MONTREAL -- In 10 of the past 11 seasons prior to this one, the Toronto Maple Leafs were either on the golf course or dusting off their clubs by this time in April.
As he headed out to play 18 holes in Florida on Wednesday, Dave Keon listened to the ugly statistic over the phone.
"Well, that's not exactly a revelation, is it?" he said with a hearty laugh.
There are no tee times in the immediate future of this season's edition of the Maple Leafs, who lead 2-1 in their Eastern Conference First Round series against the Washington Capitals heading into Game 4 in Toronto on Wednesday (7 p.m. ET; NBCSN, CBC, TVA Sports 2, CSN-DC).
It has been as remarkable a season for Keon as it has been for the franchise for which he starred, winning Stanley Cup championships in 1962, 1963, 1964 and 1967 en route to his induction into the Hockey Hall of Fame in 1986.
Since September, Keon has been enshrined in the Quebec Sports Hall of Fame, been voted the greatest Maple Leafs player of all time and had his statue added to the team's Legends Row the evening before Toronto's home opener, at which his No. 14 was retired to the rafters of Air Canada Centre. The 77-year-old has since had a banner raised in his hometown of Rouyn-Noranda, Quebec, in the arena that bears his name, been selected to the list of the 100 Greatest NHL Players presented by Molson Canadian and been celebrated at NHL gala events in Toronto and Los Angeles. Last month in Ottawa, he took part in the 125th anniversary homecoming of the Stanley Cup.
Finally having caught his breath, Keon is back home in Palm Beach Gardens, Florida, with his wife, Jane. Like the rest of the hockey world, he is deeply impressed by the Maple Leafs, who have been giving the Capitals, winners of the Presidents' Trophy as the NHL's top regular-season team, all they can handle and even a little more.
Keon says he's had his eyes opened especially by the play of 20-year-old center Willian Nylander and by goaltender Frederik Andersen, "who has been there to pull them out of trouble when they make a mistake.
"At the end of the season, they were struggling to finish it off, which they did," Keon said of qualifying for the playoffs. "Now that they're in the Stanley Cup Playoffs, they seem to be more relaxed and confident. They know that it's a challenge, but they're up for it.
"They seem to be not fazed by the Capitals' success, and they're using all the skills they have. They skate very well, and I think that's posing a problem for Washington. They don't seem to get discouraged when they get down. They just keep grinding away and trying to put pressure on Washington, and it seems to be paying off."
There is something to be said, Keon said, for the fact that a dozen or so players of these Maple Leafs had never been in the playoffs.
The average age of the team going into Game 4 was 26.4 years, five years younger than the 1967 Maple Leafs that featured 42-year-old goalie Johnny Bower and 41-year-old defenseman Allan Stanley on the improbable and most recent run of the organization to the Stanley Cup title.
"They just go out and try to do the things they've done all year but it seems they're more relaxed in doing them," Keon said of this edition of the Maple Leafs. "They're enthusiastic about this. They're young. They've been through a tough season that was successful and now they have a chance to do something pretty special. They're all embracing it. Playing Washington is not easy but they seem to be rising to the challenge."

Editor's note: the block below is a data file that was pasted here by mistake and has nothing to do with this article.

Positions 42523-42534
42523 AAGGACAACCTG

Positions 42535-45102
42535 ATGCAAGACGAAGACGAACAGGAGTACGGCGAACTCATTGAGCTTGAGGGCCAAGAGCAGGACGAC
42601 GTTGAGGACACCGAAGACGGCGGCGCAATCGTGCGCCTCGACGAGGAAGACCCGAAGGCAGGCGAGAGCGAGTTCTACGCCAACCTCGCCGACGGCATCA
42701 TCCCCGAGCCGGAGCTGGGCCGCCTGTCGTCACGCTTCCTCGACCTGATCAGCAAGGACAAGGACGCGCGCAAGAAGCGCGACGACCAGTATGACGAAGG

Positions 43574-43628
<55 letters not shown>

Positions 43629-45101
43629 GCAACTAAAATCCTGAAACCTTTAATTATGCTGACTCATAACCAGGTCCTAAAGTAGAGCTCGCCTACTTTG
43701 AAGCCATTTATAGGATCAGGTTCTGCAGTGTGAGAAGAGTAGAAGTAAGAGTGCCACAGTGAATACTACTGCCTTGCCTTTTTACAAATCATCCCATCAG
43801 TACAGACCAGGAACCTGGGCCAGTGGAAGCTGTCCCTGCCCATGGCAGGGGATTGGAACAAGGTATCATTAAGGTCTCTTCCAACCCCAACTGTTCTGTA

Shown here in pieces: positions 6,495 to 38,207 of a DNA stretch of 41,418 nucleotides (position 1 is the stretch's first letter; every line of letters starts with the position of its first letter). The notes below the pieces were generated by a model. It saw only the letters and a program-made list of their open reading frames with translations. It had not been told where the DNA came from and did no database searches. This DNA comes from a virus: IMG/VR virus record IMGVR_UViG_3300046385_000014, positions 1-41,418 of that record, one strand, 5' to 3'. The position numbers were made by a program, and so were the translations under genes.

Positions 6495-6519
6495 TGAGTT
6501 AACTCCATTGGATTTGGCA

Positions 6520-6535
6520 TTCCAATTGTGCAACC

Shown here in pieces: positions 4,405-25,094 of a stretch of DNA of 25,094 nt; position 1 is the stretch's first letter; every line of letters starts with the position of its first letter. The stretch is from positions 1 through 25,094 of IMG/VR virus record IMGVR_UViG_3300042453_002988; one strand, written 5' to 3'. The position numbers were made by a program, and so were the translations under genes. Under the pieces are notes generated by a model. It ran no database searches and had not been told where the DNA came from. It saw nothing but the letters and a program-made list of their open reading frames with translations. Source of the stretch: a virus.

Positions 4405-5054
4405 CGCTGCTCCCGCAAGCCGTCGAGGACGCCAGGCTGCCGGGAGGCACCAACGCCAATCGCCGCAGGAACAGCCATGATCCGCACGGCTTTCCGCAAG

Keon is also impressed by the management group of president Brendan Shanahan, general manager Lou Lamoriello and coach Mike Babcock, and the path they're charting to rebuild the Maple Leafs from the ashes of decades of underachievement and heartbreak.
Video: Dave Keon led Toronto to three straight Cup titles
"They had a blueprint of what they wanted to do and they've stuck to it," he said. "Probably what's happening now is a little more accelerated than they thought it was going to be, but I'm sure they're pleased with what's happening. They understand it just doesn't happen overnight. You have to put in the work and assemble the building blocks. Hopefully you stay healthy and your players improve. When that happens, you're in the process of building a contender. Obviously, this is the first step."
As well as anyone, Keon understands the long-suffering Toronto fan base, and he's delighted for these loyal followers of an organization that has crushed fans' spirits for so many years.
"The fans look at their team and they see the young guys they have, quality guys," he said. "Barring injury, they're going to be there for a while and the expectations are that they're going to try to play for the Stanley Cup. It seems that they're moving on that road."
Keon will continue to enjoy the games from Florida. No matter how far the Maple Leafs go this postseason, he has no plans to come north for a closer look.
"No, I wouldn't do that. There's no reason to go there. It's their time," he said of this season's team.
Following a round of golf Wednesday with his brother and sister, Keon was looking forward to Game 4, to see what entertaining story would be written, win or lose.
"There seems to be an optimistic sense after three games of, 'Hey, maybe we can do this now,' " he said. "They think they belong here. They don't have any scar tissue from the playoffs.
"For the majority of the young guys, this is all new and fun for them and they think this is great. You know, they just don't have any bad memories."
The same can be said for the management architects of this roster, helping a fan base forget the past and enjoy not just a terrific early run this playoff season, but a very promising future.